We understand that nobody likes dealing with bad hair days. All of us at some point or the other, curl, tong and pin in the hopes that our tresses will cooperate. And when they don’t, we tend to rely on our trusty heating and styling tools to get the desired look. While we've discussed how they singe and dehydrate your tresses and tear out the follicles, even if you're not going for a temporary fix but a more long-term solution like chemical hair straightening, here's what you need to know:
- The most obvious fallout is that as your hair begins to grow, the portion closest to the root will be of a different texture (that of your natural hair), and make your lengths and your crown look like a case of mismatched drapes and sheets.
- As is the case with styling tools, chemical straightening also dehydrates hair, and every time you use a blow dryer or curling tong afterwards, you make it worse. End result? Over-dry, frizzy, fried tresses.
- Allergic reactions to hair straightening are rare, but very real. The chemicals can seep into your blood stream, and if you're a new mommy that's breastfeeding, this one's a no-go at all costs!
- Another clinical side-effect of hair straightening is severe hair fall. Many people, who straighten their hair notice hair loss due to poor quality chemicals, improper technique, and yanking of strands from the roots which causes permanent damage.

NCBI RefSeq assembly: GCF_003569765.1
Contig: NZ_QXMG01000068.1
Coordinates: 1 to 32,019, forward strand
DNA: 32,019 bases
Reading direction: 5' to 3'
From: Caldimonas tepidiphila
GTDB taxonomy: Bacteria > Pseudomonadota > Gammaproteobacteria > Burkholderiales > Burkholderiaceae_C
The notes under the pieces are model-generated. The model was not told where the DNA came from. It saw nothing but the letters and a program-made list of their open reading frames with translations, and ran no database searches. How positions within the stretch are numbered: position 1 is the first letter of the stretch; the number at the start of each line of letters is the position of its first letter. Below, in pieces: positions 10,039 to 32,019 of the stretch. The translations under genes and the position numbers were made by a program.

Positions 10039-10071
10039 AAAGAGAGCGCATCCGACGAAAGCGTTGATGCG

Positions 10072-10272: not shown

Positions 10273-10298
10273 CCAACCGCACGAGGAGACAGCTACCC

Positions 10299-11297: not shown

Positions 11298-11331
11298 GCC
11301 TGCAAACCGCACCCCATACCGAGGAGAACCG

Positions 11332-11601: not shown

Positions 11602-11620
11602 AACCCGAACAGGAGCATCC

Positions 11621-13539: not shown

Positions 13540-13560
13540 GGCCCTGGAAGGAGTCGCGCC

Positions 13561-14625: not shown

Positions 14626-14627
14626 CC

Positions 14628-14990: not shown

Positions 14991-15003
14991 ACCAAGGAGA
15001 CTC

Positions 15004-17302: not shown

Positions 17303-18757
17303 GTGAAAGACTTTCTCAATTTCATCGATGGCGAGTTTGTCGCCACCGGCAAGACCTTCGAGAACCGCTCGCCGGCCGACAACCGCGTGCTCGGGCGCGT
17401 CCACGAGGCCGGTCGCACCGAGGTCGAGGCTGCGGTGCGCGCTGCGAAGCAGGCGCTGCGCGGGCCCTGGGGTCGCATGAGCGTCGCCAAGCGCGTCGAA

- In the long-term, the hair follicles become weak and hair fall continues, sometimes leading to dandruff and scalp problems due to excessive dryness.
- The best resolve is to say no artificial straightening—not by way of styling tools, or even a chemical fix.
- If you must, very sparingly use a straightening iron to the desired section after applying a protective serum.
- Be sure to invest in products for chemically treated hair, and look for ones that aim to hydrate the strands.
- Learn how to air-dry your hair to #FightTheFrizz, because excessive combing or blow drying will only make things worse.
- Deep conditioning treatments and hair masks will help temper, but not reverse the damage.
Make note that our hair grows .3mm to .4mm each day, which approximates to about 6 inches per year. If you're already a victim, we urge you to wean off the locks by getting half an inch trimmed every month to make way for new, virgin hair, and then just stay off chemical (or temporary) straightening, altogether.
As for the multi-textured half-and-half tresses, your best bet is to try a hairstyle that camouflages the damage.